A Bit About Fermented Foods - When you Google "gut health", fermented foods such as kombucha and kimchi will almost always be suggested. This is because the process in which these foods are created (fermentation) involves bacteria or yeast breaking down the sugars in the foods, thus making them rich in gut-friendly bacteria by the time we consume them. Many fermented foods are high in lactobacilli, a strain of bacteria that helps our bodies break down food, absorb nutrients, and fight off bad bacteria strains. Plus, certain fermented foods such as yogurt, have been found by researchers to help enhance the function and composition of the microbiome. Just be sure to look for "contains live active cultures" on your fermented foods labels! Here are some of our favorite fermented foods: yogurt, kimchi, sauerkraut, kefir, kombucha and tempeh.
Add Probiotic and Prebiotic Foods - Prebiotic foods are foods that promote the growth of beneficial bacteria in the gut, while probiotic foods actually contain live microbes (usually bacteria) that can provide a specific health benefit when consumed. So, you can essentially think of probiotics as foods containing the good bacteria our microbiome needs to thrive and prebiotics as food that help these bacteria do their job.
Prebiotics are found in foods high in fiber such as fruits and vegetables but can be found on their own in some cases. Prebiotics can also help with weight management and diabetes, "Certain prebiotics have also been shown to reduce insulin, triglyceride, and cholesterol levels in people with obesity."
Probiotics don't stay in our gut permanently, but while they're there, they help to support metabolism and can alter the composition of the gut microbiome. While researchers believe that probiotics are most successful at returning a damaged microbiome back to a healthy state, they're also useful for helping improve the function of existing gut bacteria and the chemicals they produce. Probiotics are usually found in fermented foods.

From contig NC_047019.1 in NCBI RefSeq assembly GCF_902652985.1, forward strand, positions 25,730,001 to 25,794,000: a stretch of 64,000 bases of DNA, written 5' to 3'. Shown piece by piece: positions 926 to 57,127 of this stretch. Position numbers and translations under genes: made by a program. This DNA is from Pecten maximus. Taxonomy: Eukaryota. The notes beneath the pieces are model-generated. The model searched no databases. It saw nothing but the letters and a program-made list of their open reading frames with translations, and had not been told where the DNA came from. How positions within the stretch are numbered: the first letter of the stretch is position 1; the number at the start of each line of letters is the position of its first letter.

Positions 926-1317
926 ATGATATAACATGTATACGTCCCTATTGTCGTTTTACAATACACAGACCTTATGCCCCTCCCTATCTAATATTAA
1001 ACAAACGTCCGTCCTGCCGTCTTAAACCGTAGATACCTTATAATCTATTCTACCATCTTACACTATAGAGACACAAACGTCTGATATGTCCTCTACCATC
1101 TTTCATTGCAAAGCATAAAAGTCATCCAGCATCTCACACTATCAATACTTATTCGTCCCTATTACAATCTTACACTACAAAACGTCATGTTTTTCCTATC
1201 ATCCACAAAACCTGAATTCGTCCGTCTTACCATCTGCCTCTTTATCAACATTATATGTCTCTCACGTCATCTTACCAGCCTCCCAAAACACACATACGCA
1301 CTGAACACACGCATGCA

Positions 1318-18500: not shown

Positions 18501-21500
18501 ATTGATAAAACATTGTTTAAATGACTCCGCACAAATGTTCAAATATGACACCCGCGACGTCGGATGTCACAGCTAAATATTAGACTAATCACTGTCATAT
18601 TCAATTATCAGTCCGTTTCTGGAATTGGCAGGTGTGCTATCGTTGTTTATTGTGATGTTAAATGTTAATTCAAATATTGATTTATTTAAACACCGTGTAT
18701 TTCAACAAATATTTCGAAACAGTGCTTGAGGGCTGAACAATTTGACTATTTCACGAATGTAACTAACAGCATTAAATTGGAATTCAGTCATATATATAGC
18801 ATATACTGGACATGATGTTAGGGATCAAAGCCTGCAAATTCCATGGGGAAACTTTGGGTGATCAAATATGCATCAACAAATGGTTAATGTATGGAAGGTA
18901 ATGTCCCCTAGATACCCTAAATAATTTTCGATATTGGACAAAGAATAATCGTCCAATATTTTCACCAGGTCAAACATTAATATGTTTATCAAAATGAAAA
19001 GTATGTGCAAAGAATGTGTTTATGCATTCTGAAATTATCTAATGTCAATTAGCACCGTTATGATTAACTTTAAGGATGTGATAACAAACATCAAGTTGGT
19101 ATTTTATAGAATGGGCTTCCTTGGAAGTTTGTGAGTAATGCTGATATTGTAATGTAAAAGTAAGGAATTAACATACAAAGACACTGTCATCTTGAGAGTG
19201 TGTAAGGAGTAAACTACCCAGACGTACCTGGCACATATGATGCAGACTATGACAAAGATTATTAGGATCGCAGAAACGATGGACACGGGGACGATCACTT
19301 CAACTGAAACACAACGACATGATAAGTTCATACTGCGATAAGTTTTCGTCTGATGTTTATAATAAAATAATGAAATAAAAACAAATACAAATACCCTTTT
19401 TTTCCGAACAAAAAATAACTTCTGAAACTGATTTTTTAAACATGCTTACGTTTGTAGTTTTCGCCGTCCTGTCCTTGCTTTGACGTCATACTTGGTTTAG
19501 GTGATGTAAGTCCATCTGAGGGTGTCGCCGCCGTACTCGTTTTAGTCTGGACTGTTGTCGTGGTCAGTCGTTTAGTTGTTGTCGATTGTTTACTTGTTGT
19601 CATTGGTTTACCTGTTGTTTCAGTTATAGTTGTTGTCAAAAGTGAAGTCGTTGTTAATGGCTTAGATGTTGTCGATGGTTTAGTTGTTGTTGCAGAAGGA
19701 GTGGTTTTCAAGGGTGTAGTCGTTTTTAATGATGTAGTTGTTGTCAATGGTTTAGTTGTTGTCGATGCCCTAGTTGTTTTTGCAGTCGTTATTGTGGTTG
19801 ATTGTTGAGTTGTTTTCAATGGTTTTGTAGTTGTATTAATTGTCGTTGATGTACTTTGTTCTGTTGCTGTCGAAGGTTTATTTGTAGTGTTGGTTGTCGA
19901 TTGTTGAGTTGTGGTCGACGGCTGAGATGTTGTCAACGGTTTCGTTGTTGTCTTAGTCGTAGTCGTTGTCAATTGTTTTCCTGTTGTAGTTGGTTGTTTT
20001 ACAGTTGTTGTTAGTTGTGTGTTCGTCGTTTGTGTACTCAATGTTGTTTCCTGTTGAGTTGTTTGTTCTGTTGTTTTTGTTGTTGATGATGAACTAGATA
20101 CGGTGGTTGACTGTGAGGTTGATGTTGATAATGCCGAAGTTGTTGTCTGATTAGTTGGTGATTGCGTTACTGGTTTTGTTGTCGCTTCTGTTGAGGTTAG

Get Your Sleep - Sleep impacts nearly every aspect of our overall health including gut health. When we don't get enough sleep, our bodies become stressed and produce the hormone cortisol. Cortisol, AKA the stress hormone, can cause permeability issues in the intestines, and lead to leaky gut, a condition where food and toxins can pass from the intestines to the bloodstream. A leaky gut can lead to bloating, inflammation, stomach pains, food sensitivities, and changes to the gut microbiome.
Stay Hydrated - Staying hydrated is always good advice, but adding an extra cup or two could certainly boost the health of your gut microbiome! Studies have found that staying hydrated and drinking plenty of water has a beneficial effect on the mucosal lining of the intestines, and helps maintain the balance between good and bad bacteria in the microbiome.
Try Adding a Probiotic Supplement - If you're looking to help boost your gut health in an easy convenient way that doesn't require stocking your fridge with kimchi and yogurt, try adding a probiotic supplement like 1 Body's Probiotic to your routine! 1 Body has created their probiotic supplement to contain 30 billion CFU of 15 strains of the best probiotics, including Lactobacillus Reuteri, Lactobacillus Gasseri, and Lactobacillus Acidophilus. Plus, this unique formula contains prebiotic boosters to help the good bacteria in the gut flourish and does not require refrigerated storage. Always talk to your doctor or healthcare provider before adding a supplement to your routine first.
High Potency & Strain Diversity.Our formula has a whopping 30 billion CFU of 15 strains of the best probiotics, including Lactobacillus Reuteri, Lactobacillus Gasseri, & Lactobacillus Acidophilus.
Patented Vegetarian Acid Resistant Capsules. Specially designed to resist stomach acid and ensure the proper delivery of the probiotics & prebiotic to your intestinal tract
Supports Immune System & Digestive Function. Since 80% of the immune system is in your gut, adding more good bacteria helps support a healthy bacterial balance in your digestive tract.
No Refrigeration is Necessary. Shelf-stable to maintain live probiotics & prebiotic at varying temperatures.